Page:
Wednesday, July 6, 2011

World Building

    It’s been almost two weeks since I returned from the SCBWI Florida Mid-Year Conference in Orlando. For the past three years it’s been held at Disney’s Coronado Springs Resort and Conference Center. Friday includes day-long intensive workshops followed by the Saturday conference.
    This year we skipped the intensives and went to Universal's Wizarding World of Harry Potter instead. Last year, however, two of my friends attended the picture book intensive on Friday. Unfortunately, the novel intensive was full, and I can’t draw so the illustrator’s intensive wasn’t an option. So, I created my own “intensive.” I wandered the resort taking photos to inspire the setting of my fantasy novel.
    The Coronado Springs Resort has a Mayan theme. The conference center is decorated with interesting borders, decorative artifacts, and huge murals. 


 The different Casitas have different fa├žades. Those bordering the lake, edged with irises and water lilies, reminded me of dormitories or classroom buildings. Suddenly my main character was attending an academy to develop her gifts. Later she would travel to ruins to find forgotten (or protected) artifacts.


    As I wandered the path along the lake, I saw the flora transformed into vegetation in this magical world of the story. Eventually this path led to the large pool area which includes volleyball nets in sand lots, a games area with swings and slides for little kids, a concession stand, and a huge pool next to a Mayan step pyramid complete with twisted vines and a waterfall cascading down the center.


    Perhaps my characters would find a natural waterfall or pool on their adventures. Might it be spelled? Might it become a trap? The resort setting was helping me plot and plan.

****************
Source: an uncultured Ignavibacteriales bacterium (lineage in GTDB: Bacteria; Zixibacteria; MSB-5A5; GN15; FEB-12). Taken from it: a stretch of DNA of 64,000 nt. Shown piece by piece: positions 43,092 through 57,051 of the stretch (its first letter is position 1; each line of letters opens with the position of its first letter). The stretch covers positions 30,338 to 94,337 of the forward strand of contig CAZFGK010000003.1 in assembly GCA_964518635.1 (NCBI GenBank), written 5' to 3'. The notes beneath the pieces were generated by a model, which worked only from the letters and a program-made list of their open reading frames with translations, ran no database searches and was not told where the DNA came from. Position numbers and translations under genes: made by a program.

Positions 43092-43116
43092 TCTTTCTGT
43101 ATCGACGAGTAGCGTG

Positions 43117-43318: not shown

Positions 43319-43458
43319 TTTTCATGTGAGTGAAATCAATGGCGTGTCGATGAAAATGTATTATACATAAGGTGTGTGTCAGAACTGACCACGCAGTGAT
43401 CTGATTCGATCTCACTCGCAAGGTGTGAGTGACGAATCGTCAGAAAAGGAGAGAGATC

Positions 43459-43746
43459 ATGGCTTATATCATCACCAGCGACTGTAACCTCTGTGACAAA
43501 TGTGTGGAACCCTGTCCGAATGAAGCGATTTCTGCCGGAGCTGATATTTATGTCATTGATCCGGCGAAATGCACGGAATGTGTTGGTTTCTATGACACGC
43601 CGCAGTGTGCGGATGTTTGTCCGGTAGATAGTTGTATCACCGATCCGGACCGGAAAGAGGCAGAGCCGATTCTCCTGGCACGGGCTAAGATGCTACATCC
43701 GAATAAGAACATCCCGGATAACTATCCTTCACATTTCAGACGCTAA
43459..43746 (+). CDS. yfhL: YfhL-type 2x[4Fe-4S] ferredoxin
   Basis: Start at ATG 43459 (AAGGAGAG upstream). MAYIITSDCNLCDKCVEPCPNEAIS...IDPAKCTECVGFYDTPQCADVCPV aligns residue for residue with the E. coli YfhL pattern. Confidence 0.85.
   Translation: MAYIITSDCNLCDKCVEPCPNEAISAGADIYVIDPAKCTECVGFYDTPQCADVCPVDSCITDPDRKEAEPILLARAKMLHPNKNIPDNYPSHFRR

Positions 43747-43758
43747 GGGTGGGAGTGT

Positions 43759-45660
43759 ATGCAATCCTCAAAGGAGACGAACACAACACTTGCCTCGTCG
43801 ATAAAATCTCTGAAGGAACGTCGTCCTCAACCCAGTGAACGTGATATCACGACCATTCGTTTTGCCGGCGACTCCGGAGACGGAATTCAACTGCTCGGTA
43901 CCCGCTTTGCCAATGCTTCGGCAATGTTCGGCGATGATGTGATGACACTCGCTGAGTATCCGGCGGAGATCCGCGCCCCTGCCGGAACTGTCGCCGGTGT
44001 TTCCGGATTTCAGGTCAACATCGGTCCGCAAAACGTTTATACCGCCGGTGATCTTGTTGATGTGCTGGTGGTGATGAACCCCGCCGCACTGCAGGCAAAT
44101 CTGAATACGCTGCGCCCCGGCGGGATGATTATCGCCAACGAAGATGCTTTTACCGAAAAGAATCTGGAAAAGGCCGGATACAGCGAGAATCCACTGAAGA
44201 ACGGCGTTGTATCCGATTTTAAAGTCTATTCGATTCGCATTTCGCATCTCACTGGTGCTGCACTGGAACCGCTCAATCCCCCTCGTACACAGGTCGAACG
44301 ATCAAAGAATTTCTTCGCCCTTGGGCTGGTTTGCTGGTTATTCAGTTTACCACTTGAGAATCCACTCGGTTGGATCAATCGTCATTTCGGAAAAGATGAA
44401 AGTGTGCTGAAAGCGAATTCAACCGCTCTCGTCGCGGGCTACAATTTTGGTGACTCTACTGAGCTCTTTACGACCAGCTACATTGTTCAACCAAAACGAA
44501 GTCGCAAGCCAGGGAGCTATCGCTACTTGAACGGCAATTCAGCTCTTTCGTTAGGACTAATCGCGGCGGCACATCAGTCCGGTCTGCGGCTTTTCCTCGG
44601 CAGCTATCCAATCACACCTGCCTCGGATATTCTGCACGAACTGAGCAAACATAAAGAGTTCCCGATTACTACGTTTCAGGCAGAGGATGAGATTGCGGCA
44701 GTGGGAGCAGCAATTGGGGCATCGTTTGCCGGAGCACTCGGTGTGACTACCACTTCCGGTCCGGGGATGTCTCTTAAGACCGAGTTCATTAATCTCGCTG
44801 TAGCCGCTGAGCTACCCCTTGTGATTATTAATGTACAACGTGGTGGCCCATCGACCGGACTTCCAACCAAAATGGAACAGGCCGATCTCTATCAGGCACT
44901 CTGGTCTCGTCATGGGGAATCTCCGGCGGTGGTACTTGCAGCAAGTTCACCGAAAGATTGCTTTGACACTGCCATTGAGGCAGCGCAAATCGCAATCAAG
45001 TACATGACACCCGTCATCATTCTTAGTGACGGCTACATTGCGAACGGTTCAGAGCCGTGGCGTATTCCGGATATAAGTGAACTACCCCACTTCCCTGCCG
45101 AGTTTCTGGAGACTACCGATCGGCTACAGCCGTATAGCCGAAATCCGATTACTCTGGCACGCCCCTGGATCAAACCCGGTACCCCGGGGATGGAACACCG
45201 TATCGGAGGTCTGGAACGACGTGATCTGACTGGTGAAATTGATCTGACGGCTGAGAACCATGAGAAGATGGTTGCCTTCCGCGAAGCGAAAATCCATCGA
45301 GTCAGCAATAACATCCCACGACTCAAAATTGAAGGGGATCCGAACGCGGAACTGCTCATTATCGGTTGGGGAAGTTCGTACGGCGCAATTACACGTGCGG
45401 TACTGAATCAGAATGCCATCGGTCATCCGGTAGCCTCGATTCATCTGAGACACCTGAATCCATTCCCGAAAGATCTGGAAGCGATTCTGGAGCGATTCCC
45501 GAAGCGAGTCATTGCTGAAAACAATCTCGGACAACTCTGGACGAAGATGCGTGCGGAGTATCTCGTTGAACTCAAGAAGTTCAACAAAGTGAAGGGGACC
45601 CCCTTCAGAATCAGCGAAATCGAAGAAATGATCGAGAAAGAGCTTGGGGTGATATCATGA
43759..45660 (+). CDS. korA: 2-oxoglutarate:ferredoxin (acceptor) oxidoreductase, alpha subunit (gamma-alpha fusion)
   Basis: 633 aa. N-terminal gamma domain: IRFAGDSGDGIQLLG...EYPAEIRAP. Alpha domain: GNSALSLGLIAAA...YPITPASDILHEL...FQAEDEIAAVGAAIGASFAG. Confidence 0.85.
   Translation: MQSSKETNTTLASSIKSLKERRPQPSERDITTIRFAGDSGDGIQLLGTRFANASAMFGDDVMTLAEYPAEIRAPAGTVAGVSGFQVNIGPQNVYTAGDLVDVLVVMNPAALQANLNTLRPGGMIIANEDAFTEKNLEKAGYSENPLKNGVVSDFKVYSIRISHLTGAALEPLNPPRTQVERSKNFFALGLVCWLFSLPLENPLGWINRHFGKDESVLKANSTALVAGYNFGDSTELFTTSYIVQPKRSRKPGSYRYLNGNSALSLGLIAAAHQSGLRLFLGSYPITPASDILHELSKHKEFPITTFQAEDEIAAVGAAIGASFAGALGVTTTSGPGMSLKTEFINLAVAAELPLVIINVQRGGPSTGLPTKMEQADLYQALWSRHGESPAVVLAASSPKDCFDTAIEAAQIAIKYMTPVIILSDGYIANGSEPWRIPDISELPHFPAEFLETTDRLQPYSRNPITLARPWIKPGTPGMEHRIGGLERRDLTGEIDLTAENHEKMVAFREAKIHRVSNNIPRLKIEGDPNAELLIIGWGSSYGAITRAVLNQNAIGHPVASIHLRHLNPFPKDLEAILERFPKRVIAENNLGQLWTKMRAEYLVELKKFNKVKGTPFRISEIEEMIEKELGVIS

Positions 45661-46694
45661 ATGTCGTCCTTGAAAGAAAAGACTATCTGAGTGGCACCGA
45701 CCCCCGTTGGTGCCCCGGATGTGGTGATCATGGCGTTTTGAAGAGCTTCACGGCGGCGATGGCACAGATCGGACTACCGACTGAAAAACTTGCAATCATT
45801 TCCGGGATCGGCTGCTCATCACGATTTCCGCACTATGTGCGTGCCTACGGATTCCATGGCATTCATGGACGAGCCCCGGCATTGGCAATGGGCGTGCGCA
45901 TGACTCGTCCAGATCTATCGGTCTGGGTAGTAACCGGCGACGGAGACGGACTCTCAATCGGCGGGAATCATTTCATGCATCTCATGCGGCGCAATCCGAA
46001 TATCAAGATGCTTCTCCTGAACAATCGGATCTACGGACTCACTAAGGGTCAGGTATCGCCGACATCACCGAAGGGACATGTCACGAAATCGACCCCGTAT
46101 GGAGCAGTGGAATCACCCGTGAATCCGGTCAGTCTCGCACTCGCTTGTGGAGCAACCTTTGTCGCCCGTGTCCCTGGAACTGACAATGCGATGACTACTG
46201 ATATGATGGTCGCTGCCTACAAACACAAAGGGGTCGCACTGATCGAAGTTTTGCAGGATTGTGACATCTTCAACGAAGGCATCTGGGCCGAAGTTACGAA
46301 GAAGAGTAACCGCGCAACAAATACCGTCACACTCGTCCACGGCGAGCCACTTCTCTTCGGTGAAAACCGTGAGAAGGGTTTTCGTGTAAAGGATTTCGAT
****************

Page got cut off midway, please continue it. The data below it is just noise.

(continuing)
Themed signs around the pool also triggered my imagination. Some looked like they might be makers intended to ward off trespassers, and my imagination created possibilities for my characters to deal with.
    Beyond the pool was a wooded area and farther beyond that were smaller buildings housing townhouse-styled guest rooms. These all helped me create the academy’s campus and towns or villages to become part of the story.
    Benches and hammocks scattered along the edge of lake offered places for me to sit and record the thoughts triggered by the resort setting.  Later, I stopped at lake-side tables to eat and allow my imagination to fill in details.
    Though I didn’t attend an intensive, my intensive exploring aided in developing the setting, provided hints at plot, and helped me develop my characters. These photos and the others I took have helped me visualize the setting whenever I've had to be away from the project for awhile.

Friday, July 1, 2011

Story Collages

    Sometimes it helps to visualize a character before writing. Since I teach as well as write, I sometimes have gaps of time during which I do not get to work on my projects much. So creating a collage of images from clip art, magazines, and sometimes even crude drawings, helps me get back “into” the world and characters. Then I can quickly pick up the voice and begin writing.
    While talking about creating characters with a group of friends who write, I mentioned my collages. I expected them to react as if I were simply procrastinating. Instead, they wanted to know more.
    So, yesterday we gathered at my home to create these collages. Everyone brought magazines and I showed several of my previous collages. Then we began browsing magazines, ripping out images, cutting, exchanging, and pasting.
    Everyone’s collage reflected her own style. One focused on all the characters for a new project. Another pasted people and items that each character would own into a journal. Another, who writes picture books, made a composite of children the age of the main character to help visualize the reader. Another focused on facts about different characters and found images to represent those character traits. My collages blend character, setting, and items to represent character traits. No white space is visible in my collages; images overlap and pieces flow over the edge of the paper. I also include words to represent the theme or events of the story.
    It was interesting to see how each writer will use these  images to reconnect with a project. The characters and these collages are as diverse and unique as the writers creating them. Not only did this provide insight into my own characters but into the creativity of each of my writer friends.